As interesting as all this biographical information may be, though, Kroot’s film does not use it as an end in itself; rather, it helps her to impart a much deeper revelation about her subject.  For by tracing Maupin’s path through the past five decades in the history of gay life, she shows just how much he has given back to the community that made him a success.  After all, he made his name by giving voice to the thoughts, feelings, and experiences of millions of his fellows; and in doing so he provided a touchstone for them all, a sort of emotional road map by which they could chart their own journeys through the changing social and sexual attitudes of the era.  Quite simply, he united them into a sort of extended family.

This point is driven home in what is perhaps the movie’s most memorable sequence, in which Maupin relates how he came out to his family through one of his most beloved characters.  In “More Tales of the City,” Michael “Mouse” Tolliver writes a letter to his mother telling her that he is gay, in a chapter expressly written by the author with the intention that his own parents would read it and understand that it was his personal message to them.  Kroot then splices together segments of the letter being read (and sung) aloud, powerfully illustrating how Maupin’s work gave words to the hearts and minds of an entire community – and providing an unexpectedly moving culmination to her film.

Powerful climax notwithstanding, “The Untold Tales of Armistead Maupin” is largely a light affair; though it necessarily travels down a few dark roads (after all, the author’s history runs straight through the middle of the AIDS epidemic), it is marked throughout by a tone of wit and positivity – fully in keeping with the good-natured personality of its subject.  It flies by and leaves you hungry for more, like a coffee date with an old friend with whom you can never spend enough time.  It will likely inspire you to revisit “Tales of the City,” or even better, to discover some of Maupin’s other writings.  Perhaps it will even inspire you to live more freely, like the denizens of 28 Barbary Lane.

Whatever it inspires you to do, you will find it to be time well-spent.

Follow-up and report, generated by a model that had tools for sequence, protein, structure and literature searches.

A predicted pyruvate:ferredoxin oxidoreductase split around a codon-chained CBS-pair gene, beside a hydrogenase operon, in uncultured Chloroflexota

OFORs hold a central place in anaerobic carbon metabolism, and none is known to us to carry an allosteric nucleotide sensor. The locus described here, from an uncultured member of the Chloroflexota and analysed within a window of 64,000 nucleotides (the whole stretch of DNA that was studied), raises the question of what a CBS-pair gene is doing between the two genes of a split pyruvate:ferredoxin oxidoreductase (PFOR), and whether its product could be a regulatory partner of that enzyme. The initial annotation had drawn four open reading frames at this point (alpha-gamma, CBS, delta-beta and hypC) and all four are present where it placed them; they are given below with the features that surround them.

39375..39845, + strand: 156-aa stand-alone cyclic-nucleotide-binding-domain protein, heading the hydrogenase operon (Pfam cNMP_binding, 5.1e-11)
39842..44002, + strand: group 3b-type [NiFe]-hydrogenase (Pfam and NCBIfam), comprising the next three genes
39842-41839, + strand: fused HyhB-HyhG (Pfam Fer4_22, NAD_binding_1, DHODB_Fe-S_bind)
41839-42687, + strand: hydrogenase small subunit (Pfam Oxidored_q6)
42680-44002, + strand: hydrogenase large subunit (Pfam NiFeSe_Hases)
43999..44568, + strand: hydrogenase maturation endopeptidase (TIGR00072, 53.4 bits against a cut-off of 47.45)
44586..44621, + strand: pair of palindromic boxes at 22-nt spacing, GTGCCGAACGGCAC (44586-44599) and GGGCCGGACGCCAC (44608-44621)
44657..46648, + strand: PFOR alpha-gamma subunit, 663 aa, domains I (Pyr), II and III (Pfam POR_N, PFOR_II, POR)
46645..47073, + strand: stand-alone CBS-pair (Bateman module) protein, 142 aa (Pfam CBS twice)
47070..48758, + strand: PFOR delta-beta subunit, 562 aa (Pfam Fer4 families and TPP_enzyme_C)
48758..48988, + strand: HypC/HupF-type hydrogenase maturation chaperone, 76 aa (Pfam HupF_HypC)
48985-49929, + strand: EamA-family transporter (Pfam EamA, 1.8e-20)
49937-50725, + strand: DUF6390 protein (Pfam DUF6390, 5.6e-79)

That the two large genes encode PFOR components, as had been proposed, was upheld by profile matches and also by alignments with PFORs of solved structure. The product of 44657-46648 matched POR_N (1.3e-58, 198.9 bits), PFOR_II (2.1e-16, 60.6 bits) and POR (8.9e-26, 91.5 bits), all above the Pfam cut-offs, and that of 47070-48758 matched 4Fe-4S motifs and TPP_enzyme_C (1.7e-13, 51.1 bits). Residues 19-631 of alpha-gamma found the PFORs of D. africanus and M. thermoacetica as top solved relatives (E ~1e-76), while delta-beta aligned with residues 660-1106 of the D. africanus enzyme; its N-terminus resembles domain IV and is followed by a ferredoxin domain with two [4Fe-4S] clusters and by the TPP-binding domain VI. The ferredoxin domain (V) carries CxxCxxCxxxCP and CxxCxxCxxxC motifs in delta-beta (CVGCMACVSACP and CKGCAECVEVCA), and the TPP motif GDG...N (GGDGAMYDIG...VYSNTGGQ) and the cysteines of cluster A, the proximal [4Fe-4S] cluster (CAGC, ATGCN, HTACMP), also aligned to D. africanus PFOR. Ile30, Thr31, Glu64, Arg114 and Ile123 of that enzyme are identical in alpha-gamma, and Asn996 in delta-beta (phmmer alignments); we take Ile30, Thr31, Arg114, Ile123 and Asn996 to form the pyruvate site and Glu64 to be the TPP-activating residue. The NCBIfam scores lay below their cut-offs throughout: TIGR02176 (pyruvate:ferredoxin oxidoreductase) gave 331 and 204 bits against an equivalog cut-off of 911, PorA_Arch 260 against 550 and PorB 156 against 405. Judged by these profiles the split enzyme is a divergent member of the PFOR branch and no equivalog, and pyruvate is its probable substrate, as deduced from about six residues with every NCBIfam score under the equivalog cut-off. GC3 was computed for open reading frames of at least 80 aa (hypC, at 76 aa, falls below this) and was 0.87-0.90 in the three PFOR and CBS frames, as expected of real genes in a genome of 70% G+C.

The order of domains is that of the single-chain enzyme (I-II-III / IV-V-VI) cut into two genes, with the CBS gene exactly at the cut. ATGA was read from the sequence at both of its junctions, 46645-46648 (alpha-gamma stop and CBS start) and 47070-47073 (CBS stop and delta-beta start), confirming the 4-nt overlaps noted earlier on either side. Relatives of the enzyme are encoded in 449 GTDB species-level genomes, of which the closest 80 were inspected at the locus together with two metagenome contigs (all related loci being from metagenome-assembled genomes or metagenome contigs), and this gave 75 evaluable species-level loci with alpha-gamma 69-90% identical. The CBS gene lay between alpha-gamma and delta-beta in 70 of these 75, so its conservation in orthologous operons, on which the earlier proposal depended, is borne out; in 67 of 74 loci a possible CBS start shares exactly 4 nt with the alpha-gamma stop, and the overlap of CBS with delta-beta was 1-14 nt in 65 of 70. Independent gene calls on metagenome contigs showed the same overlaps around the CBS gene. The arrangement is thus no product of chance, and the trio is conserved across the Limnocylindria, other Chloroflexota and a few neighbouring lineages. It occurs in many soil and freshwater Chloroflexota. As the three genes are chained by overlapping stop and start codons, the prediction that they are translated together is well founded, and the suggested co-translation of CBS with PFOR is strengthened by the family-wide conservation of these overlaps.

Dunkirk (2017)

big_startfilmru1365635Today’s Cinema Adventure was originally published in

The Los Angeles Blade

Christopher Nolan may be one of the most prominent of modern filmmakers, but he is surprisingly old-fashioned.

Consider his newest film, the highly-anticipated WWII drama, “Dunkirk.”  In tackling a war movie (one of the oldest cinematic genres imaginable), he relies mostly on tricks of the trade established since the silent era, eschewing dialogue in favor of visual storytelling and favoring practical effects over computerized ones.

Not only that, he continues to champion the use of film over digital cinematography.  “Dunkirk” is one of the rare contemporary films to be shot on widescreen film stock and presented in 70 MM format, delivering an experience that feels like one of those classic big screen extravaganzas of old.

Despite his tried-and-true approach, though, Nolan also brings his own contemporary perspective to the mix; this combination results in not only the most immersive, visually impressive war film in recent memory, but also the most thoughtful and challenging.

For those who need a brief history lesson, Dunkirk is a town on the French coast of the English Channel where hundreds of thousands of Allied soldiers were trapped in the summer of 1940.  Surrounded by Nazi forces, these combined English, French, and Belgian troops awaited evacuation on the beach while being pummeled from air and sea.  Nolan’s film tells the story of their miraculous rescue from this dire situation.